GM Hires Ex-Trump Adviser to Head Up Global Public Policy Efforts
Everett Eissenstat led a White House team devoted to international trade
Former Trump White House official Everett Eissenstat will lead the General Motors global public policy division.
Eissenstat most recently spent a year serving as deputy assistant to the president for International Economic Affairs and deputy director of the National Economic Council. His role: leading a team that developed and implemented international trade, energy, and financial policies. He was also the chief U.S. negotiator at the G-20, APEC, and G7 global economic summits.
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“Everett Eissenstat has had a distinguished career in public policy managing complex issues around the world,” said GM CEO Mary Barra. “His broad experience interacting at the highest levels of government, both within the U.S. and globally, and his track record for partnering and building relationships on both sides of the aisle make him a perfect fit to represent GM and our employees on key policy issues.”
One of those key policy issues is sure to be auto tariffs. With Eissenstat’s recent proximity to President Trump, he will be well-equipped to guide GM’s response to Trump’s proposed 25% tariff on imported autos. GM has warned that it might have to cut jobs if the tariff goes into effect.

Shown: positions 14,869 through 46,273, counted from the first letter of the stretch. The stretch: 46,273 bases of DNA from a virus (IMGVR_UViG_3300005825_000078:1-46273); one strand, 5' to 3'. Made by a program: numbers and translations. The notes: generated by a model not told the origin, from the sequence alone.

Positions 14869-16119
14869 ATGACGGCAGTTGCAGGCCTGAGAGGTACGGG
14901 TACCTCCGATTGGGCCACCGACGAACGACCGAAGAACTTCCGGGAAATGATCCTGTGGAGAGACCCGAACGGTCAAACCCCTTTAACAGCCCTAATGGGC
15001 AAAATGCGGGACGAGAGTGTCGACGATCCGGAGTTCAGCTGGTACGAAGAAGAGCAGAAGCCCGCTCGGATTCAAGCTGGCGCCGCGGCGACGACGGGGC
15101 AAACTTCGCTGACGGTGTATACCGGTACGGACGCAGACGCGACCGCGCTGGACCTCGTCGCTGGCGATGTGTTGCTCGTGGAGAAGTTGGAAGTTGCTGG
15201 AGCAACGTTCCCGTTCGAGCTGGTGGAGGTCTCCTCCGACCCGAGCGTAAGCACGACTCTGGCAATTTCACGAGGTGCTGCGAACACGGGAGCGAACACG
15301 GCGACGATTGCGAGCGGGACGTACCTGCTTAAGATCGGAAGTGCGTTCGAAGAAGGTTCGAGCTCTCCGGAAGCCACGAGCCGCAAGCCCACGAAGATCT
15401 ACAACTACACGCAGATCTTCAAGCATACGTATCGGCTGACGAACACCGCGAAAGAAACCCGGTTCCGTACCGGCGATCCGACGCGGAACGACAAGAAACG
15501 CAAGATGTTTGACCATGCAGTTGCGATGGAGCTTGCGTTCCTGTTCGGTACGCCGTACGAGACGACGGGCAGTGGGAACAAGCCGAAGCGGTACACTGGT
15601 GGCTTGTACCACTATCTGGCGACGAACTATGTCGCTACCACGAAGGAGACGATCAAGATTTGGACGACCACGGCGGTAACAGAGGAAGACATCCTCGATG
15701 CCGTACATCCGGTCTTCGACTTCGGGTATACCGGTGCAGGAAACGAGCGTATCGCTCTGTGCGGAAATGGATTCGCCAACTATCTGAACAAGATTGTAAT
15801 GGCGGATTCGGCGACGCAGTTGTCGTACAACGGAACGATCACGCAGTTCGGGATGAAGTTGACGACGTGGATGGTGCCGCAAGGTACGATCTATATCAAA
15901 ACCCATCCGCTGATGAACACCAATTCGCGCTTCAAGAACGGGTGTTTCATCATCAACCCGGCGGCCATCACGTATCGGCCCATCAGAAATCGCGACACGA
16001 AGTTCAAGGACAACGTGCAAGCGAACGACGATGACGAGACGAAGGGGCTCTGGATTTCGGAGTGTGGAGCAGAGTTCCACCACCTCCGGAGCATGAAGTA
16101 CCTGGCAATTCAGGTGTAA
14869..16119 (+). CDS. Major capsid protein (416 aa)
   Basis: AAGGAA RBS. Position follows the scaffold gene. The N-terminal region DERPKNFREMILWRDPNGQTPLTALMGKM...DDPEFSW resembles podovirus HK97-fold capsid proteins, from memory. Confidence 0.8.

Effective immediately, Eissenstat is the senior vice president of Global Public Policy and reports to Barra. His position is a new one for GM. In addition to his legal duties, Chief Legal Council Craig Glidden had been in charge of global public policy. However, the automaker decided that those issues required a full-time overseer.
Eissenstat has many years of international policy experience. Before working at the White House, Eissenstat was the Senate Finance Committee’s chief international trade counsel. He was also an international negotiator and congressional advisor for the United States Trade Representative. Over the years, he’s worked on aspects of NAFTA and other free trade agreements, too.
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News Source: Detroit Free Press